American Property Casualty Insurance Association
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Jeffrey Brewer







April 3, 2014

PCI Puts Spotlight on Severe Weather Preparedness during Anniversary of 1974’s Super Tornado Outbreak

CHICAGO - Today marks the 40 year anniversary of the worst super tornado outbreak in recorded U.S. history, when a total of 148 twisters ripped through 13 states causing massive amounts of damage. More recently there were huge tornado outbreaks in April 2011 and 2012, which highlight the importance of advance preparation for severe weather, according to the Property Casualty Insurers Association of America (PCI).

With advances in weather forecasting, the National Weather Service is much better at identifying high risk days and has increased the average warning lead time from only five minute in the early 1990s to an average of 14 minutes today. Additionally as part of a national effort to increase emergency preparedness and build a Weather-Ready Nation, NOAA and FEMA are involved in the Wireless Emergency Alerts (WEAs) project, which sends emergency messages from authorized government agencies to your mobile device outlining the type and time of the alert and any action you should take.

“Even with the technological progress in weather forecasting and early warning systems that may be able to provide people in harms way some additional time to seek shelter from an emergency, the key to survival in severe weather is still advance planning,” said Chris Hackett, director of personal lines for PCI. “In addition to having an emergency plan and kit, NOAA weather radio, and other emergency supplies, it’s equally as important homeowners, renters, and business owners to conduct a review of their insurance policies and discuss coverage options with their insurance agent or company.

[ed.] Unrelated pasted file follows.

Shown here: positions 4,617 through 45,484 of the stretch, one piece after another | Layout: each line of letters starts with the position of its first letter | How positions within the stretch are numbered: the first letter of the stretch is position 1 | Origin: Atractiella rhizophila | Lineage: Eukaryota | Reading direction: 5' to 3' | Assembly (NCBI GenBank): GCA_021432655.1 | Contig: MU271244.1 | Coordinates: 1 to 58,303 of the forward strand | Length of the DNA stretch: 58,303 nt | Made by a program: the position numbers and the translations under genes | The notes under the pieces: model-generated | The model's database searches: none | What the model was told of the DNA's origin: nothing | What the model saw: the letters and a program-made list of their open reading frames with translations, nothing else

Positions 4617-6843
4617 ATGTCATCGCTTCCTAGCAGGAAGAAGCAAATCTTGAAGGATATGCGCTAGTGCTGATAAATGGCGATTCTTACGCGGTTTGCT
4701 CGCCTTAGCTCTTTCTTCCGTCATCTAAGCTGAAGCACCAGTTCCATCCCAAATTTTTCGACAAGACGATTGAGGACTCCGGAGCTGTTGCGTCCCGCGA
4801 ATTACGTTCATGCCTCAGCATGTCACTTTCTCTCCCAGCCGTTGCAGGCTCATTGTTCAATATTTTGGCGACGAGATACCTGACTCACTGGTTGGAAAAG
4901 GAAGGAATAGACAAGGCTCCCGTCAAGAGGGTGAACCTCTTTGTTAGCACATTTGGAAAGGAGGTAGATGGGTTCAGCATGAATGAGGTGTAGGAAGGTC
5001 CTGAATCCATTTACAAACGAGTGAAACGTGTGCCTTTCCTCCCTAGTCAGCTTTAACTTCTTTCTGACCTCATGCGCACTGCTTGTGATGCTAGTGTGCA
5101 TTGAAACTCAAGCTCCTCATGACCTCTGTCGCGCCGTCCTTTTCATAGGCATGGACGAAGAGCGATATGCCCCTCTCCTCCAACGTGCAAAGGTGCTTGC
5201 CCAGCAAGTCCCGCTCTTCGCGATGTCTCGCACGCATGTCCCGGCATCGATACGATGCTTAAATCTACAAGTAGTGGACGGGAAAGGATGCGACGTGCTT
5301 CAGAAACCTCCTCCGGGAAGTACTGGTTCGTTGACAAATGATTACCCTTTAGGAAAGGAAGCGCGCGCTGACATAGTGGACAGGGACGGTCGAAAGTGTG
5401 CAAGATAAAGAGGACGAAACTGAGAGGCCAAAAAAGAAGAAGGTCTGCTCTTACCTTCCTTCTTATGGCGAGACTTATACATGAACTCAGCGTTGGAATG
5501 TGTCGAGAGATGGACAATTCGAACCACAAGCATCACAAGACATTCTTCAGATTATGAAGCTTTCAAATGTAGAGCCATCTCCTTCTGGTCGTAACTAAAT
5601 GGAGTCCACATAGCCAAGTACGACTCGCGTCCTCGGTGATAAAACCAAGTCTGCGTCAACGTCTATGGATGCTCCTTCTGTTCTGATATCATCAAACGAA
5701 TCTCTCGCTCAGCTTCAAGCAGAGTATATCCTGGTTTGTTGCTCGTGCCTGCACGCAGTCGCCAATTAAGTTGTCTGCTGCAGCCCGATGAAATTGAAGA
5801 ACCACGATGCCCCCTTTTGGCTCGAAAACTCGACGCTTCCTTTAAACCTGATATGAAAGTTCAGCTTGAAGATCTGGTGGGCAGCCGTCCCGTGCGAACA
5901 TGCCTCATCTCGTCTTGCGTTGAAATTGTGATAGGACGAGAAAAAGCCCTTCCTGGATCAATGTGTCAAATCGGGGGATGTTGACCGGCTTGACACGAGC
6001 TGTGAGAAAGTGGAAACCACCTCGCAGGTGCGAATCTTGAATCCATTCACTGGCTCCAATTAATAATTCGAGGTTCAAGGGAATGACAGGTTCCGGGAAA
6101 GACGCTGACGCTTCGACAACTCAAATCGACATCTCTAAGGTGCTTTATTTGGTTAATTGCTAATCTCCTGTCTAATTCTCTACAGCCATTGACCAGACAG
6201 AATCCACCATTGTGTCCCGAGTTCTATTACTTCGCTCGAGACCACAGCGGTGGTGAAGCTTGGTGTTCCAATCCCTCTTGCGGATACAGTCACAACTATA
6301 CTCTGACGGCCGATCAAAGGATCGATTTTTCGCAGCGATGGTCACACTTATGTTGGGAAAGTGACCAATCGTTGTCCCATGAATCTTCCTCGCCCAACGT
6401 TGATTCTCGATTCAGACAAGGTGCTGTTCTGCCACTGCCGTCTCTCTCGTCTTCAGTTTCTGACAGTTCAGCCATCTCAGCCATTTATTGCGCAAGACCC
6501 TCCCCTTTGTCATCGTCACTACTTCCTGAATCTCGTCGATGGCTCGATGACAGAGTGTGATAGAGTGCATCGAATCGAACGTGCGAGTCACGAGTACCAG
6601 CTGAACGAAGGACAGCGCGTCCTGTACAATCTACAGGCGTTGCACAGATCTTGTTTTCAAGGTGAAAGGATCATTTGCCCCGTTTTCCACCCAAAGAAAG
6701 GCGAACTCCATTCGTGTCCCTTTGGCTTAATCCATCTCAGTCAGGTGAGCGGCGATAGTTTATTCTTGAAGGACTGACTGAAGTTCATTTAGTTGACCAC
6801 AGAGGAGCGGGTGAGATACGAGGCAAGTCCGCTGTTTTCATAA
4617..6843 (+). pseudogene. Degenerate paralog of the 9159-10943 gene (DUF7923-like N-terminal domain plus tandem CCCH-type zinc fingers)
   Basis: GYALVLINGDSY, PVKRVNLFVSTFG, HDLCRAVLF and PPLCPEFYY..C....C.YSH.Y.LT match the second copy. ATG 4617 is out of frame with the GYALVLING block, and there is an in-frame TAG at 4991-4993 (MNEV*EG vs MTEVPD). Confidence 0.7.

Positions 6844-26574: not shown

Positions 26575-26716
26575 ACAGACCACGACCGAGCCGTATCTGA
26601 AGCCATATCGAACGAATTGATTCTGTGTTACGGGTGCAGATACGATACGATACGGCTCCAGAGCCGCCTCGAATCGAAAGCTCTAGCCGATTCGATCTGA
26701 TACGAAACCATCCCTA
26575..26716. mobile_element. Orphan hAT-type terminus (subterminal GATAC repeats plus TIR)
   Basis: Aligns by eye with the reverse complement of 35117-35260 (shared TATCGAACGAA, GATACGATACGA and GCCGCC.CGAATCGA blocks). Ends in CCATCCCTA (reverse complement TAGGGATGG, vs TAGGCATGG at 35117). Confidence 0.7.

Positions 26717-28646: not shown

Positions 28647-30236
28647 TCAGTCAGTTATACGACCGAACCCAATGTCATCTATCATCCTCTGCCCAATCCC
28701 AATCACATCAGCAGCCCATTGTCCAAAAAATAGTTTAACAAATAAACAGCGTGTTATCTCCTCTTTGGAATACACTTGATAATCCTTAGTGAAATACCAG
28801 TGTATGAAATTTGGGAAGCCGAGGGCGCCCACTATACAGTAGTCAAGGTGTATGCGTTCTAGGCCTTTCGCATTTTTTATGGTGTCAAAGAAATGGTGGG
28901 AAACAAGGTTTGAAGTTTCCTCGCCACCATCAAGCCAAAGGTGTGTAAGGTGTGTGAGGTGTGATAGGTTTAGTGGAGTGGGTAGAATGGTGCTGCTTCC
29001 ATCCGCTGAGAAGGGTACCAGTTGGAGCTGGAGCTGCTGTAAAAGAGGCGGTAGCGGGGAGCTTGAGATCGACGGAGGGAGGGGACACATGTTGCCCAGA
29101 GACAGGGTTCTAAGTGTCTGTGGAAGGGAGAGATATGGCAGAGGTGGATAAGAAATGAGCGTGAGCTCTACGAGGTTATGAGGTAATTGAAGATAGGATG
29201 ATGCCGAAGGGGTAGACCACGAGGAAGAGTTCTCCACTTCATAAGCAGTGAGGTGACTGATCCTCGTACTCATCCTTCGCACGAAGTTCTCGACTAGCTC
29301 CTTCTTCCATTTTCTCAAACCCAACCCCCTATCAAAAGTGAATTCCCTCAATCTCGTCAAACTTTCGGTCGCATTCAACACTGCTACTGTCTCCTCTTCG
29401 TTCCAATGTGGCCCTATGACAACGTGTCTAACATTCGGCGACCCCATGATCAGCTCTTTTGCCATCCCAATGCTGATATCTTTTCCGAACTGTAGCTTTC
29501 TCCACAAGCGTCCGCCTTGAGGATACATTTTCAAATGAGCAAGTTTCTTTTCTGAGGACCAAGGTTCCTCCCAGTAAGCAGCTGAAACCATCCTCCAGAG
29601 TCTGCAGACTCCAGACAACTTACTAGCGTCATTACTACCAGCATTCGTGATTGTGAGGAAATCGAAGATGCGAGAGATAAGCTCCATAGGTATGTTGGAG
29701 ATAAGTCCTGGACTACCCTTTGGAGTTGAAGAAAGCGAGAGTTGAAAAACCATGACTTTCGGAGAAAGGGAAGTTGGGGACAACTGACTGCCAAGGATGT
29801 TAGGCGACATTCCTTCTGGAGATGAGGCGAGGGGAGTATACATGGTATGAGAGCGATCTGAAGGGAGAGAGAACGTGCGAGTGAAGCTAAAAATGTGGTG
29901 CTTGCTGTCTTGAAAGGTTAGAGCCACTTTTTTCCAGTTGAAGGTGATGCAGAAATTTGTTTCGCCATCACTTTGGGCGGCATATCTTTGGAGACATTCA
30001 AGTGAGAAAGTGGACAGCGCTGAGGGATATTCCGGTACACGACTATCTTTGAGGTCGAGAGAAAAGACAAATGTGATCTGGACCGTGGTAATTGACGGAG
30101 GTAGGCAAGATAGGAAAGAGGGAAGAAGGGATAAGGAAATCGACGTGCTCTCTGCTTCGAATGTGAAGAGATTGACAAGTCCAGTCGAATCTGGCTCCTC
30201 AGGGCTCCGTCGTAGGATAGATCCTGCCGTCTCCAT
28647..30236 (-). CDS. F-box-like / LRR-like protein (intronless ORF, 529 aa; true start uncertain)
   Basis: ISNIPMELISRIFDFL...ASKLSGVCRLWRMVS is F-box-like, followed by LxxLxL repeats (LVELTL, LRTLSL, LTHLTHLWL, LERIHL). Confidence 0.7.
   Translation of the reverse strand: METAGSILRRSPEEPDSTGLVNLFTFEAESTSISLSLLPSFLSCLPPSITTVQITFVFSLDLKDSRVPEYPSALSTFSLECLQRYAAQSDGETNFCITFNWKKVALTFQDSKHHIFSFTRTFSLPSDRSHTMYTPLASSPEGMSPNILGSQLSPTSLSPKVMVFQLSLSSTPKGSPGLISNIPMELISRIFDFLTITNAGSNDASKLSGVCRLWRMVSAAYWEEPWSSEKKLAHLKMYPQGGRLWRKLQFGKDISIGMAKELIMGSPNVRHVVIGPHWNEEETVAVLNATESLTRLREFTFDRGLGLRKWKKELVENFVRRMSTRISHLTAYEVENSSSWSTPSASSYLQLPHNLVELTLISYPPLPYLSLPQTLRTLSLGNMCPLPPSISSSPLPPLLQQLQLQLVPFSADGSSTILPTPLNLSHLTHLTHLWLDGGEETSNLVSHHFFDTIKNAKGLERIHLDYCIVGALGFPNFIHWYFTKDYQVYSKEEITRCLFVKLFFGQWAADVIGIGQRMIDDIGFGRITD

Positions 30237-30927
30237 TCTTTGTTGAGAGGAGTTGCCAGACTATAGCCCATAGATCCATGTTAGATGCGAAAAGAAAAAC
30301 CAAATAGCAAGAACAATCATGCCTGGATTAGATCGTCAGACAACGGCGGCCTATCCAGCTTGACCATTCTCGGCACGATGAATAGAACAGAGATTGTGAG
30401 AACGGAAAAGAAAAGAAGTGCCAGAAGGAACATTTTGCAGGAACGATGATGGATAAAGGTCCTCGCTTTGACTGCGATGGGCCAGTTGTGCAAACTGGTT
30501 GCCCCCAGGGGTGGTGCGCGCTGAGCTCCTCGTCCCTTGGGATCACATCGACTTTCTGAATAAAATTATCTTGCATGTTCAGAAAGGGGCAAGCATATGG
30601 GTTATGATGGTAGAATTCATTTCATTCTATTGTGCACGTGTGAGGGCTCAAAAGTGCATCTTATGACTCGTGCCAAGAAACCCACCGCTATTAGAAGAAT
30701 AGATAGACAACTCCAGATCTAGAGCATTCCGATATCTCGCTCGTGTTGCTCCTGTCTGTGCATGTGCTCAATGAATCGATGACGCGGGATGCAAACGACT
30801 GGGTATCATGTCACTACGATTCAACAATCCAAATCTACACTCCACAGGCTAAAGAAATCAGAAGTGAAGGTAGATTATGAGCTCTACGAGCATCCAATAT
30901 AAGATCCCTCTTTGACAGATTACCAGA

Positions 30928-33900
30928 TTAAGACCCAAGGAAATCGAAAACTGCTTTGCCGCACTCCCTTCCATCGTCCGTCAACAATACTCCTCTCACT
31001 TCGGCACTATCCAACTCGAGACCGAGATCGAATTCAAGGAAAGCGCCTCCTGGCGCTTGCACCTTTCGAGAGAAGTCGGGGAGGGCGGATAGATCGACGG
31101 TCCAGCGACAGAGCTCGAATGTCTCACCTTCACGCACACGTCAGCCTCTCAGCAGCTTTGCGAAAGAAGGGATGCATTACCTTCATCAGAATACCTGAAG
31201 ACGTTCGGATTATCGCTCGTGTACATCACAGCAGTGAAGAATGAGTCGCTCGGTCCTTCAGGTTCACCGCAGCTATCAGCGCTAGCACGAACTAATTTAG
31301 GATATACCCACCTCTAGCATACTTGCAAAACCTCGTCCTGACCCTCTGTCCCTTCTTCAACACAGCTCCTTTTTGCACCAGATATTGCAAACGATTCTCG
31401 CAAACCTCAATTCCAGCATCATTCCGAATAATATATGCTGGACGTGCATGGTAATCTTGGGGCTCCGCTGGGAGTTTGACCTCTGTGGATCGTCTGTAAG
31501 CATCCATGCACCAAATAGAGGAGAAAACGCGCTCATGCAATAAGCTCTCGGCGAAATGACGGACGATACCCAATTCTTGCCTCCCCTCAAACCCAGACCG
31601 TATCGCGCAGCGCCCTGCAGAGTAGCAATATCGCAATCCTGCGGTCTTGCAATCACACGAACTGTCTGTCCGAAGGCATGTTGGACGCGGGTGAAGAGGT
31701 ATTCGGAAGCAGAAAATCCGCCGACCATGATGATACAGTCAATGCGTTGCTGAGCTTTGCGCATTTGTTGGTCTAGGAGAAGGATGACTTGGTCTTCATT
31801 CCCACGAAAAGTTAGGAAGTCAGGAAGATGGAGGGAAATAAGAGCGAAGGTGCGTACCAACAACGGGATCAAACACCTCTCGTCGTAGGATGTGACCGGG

With the end of the long winter season, it is time to prepare for the severe weather that comes with the change to warmer temperatures. The “Superoutbreak” of 1974 produced 30, F4 or F5 tornadoes within a 24-hour period and Alabama, Kentucky and Ohio were the hardest hit states. As the nation moves through the peak of tornado season which last through June PCI is urging homeowners to make sure your insurance policy is up to date.

Most tornado, windstorm, hail and similar severe weather-related losses are covered by either homeowners, renters, or commercial insurance policies. Tornado losses to a home are covered by the windstorm peril under the homeowners’ insurance policy. Renters insurance also provides coverage to policyholder possessions under this peril. Business owners are covered under their commercial policies. Protection from windstorm or hail damage for cars is covered under the comprehensive portion of the automobile insurance policy.

PCI is committed to educating consumers about their insurance coverage and provides tips and resources about coverage related to severe weather:

PCI’s 4 Quick Pre-Storm Tips:

1.·Conduct a detailed inventory of your possessions including receipts, descriptions and photos of your home's contents.

2.·Practice your emergency response plan and put together an emergency kit that includes key contact information including your insurance policy and agent information.

3.·Keep a cell phone charged and with you and have some cash on hand for emergencies.

4.·If you have one, keep a laptop computer close by. Most insurance companies allow claims reports to be submitted via the Internet.

PCI is composed of more than 1,000 member companies, representing the broadest cross-section of insurers of any national trade association. PCI members write over $195 billion in annual premium, 39 percent of the nation’s property casualty insurance. Member companies write 46 percent of the U.S. automobile insurance market, 32 percent of the homeowners market, 37 percent of the commercial property and liability market, and 41 percent of the private workers compensation market.